0xBADFEED wrote:Just so we're clear, when I say "other-worldly" I mean something in the realm of the supernatural. That is, something that is not bound by physical law.
I don't like involving physical law in this definition because it introduces a lot of additional complications.
It brings into play question like:
- Do you see math as emerging from physics or physics as emerging from math?
- Will our physical model of the universe ever be a true representation of the universe?
- To what extent do ideas/intelligence physically exist?
- What is reality? An entity's experience of the physical world, the physical world, or maybe something else (the matrix)? (And how can it be verified?)
- If a tree falls in the woods and nobody is around to hear it does it make a sound?
I think they are interesting things to contemplate but might be getting off topic as far as conciousness is concerned.
Anyways, since you believe that human reasoning has a physical basis, wouldn't you say that not being bound by physical law implies being outside the realm of human reasoning? If so, demonstrating qualia are within the realm of human reasoning is the same as demonstrating they are bound by physical law.
And besides that I don't think physical law is going to be a very helpful tool in examining the emergent behaviour of such a complicated physical system as the human brain. To me, that seems like trying to understand a computer program by reading its binary and looking at a spec for the CPU it was compiled for.
0xBADFEED wrote:I don't really subscribe to the idea of "qualia", or at least the part of the idea that points towards a supernatural definition of the mind. That something like the "feeling" of "redness" or "burning" cannot be suitably conveyed from one person to another doesn't suggest to me any supernatural basis for "feelings". It only suggests that our rather primitive methods of communication are insufficient to describe them.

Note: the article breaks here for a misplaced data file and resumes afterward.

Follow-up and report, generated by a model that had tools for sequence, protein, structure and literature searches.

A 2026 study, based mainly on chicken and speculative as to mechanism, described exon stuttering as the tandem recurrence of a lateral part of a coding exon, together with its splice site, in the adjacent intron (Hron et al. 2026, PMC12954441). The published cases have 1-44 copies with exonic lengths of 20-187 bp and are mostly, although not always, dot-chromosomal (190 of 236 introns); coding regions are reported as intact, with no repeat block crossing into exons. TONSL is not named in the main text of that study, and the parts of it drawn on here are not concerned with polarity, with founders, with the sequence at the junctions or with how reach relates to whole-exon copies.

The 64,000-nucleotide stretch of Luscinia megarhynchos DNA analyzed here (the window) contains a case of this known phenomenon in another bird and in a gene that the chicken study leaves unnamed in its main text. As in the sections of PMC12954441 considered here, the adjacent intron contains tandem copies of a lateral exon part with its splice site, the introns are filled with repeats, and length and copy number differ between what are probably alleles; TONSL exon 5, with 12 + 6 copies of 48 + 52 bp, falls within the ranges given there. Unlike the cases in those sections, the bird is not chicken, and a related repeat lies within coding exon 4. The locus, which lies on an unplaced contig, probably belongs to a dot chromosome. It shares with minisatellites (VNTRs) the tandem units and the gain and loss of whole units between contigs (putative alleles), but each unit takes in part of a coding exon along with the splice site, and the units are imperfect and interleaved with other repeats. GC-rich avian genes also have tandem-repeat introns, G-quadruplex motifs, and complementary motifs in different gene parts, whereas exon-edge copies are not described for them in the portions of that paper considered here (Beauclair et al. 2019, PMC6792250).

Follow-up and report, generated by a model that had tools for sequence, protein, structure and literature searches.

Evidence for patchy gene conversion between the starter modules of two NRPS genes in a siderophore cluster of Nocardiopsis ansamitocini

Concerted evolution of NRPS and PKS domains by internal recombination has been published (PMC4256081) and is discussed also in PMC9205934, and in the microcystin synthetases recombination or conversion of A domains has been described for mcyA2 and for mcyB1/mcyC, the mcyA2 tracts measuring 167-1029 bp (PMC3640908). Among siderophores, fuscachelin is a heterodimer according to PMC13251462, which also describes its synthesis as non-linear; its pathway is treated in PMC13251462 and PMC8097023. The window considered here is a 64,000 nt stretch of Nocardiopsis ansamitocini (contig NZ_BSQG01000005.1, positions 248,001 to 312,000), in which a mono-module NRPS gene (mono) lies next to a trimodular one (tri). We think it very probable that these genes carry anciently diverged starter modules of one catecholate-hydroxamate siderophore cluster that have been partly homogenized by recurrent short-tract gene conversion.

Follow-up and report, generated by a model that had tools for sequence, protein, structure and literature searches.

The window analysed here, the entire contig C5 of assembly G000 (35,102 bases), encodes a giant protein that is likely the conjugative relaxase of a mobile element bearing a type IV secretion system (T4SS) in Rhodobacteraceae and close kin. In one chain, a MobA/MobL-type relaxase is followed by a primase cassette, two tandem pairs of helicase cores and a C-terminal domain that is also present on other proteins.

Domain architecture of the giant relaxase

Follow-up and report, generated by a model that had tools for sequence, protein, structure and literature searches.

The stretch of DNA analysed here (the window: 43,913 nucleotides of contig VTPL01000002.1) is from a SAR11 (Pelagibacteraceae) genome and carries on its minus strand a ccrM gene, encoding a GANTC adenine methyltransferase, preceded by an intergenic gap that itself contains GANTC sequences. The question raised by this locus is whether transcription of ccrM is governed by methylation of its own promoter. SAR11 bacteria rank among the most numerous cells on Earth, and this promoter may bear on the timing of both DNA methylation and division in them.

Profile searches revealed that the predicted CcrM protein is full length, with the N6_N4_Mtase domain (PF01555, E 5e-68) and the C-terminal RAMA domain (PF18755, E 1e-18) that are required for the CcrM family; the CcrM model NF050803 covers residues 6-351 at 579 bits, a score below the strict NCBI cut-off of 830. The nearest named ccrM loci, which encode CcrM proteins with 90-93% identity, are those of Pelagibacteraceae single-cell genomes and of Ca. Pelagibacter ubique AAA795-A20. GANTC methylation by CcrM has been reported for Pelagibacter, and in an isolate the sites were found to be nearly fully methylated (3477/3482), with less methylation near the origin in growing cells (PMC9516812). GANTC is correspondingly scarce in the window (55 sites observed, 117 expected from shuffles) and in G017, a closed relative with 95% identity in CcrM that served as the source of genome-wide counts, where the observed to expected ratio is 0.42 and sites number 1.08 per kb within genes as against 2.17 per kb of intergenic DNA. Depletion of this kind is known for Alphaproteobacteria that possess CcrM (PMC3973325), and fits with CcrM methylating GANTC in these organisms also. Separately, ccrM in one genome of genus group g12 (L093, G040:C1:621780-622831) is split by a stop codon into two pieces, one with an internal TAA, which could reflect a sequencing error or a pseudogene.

The idea of communicating different qualia is intriguing. Although I'm not convinced it is possible.
One of Daniel Dennet's four properties of qualia suggest that they are...
ineffable; that is, they cannot be communicated, or apprehended by any other means than direct experience.
I'm not convinced that qualia cannot be communicated either, but you seem to have adopted an ideology that science will eventually conquer all which is why I think you should take notice of the explanatory gap argument. (http://en.wikipedia.org/wiki/Explanatory_gap
This Joseph Levine quote taken from it I think is particularly of interest:
The explanatory gap argument doesn't demonstrate a gap in nature, but a gap in our understanding of nature. Of course a plausible explanation for there being a gap in our understanding of nature is that there is a genuine gap in nature. But so long as we have countervailing reasons for doubting the latter, we have to look elsewhere for an explanation of the former.
I think one of the most intriguing questions here is this: If there is a "gap in nature," how is it possible to know that the gap exists?
Certainly, if enough time passes where we make our best efforts to determine something and fail, we will have good reason to suspect a gap is there, but to prove it is not possible in some cases (see the halting problem).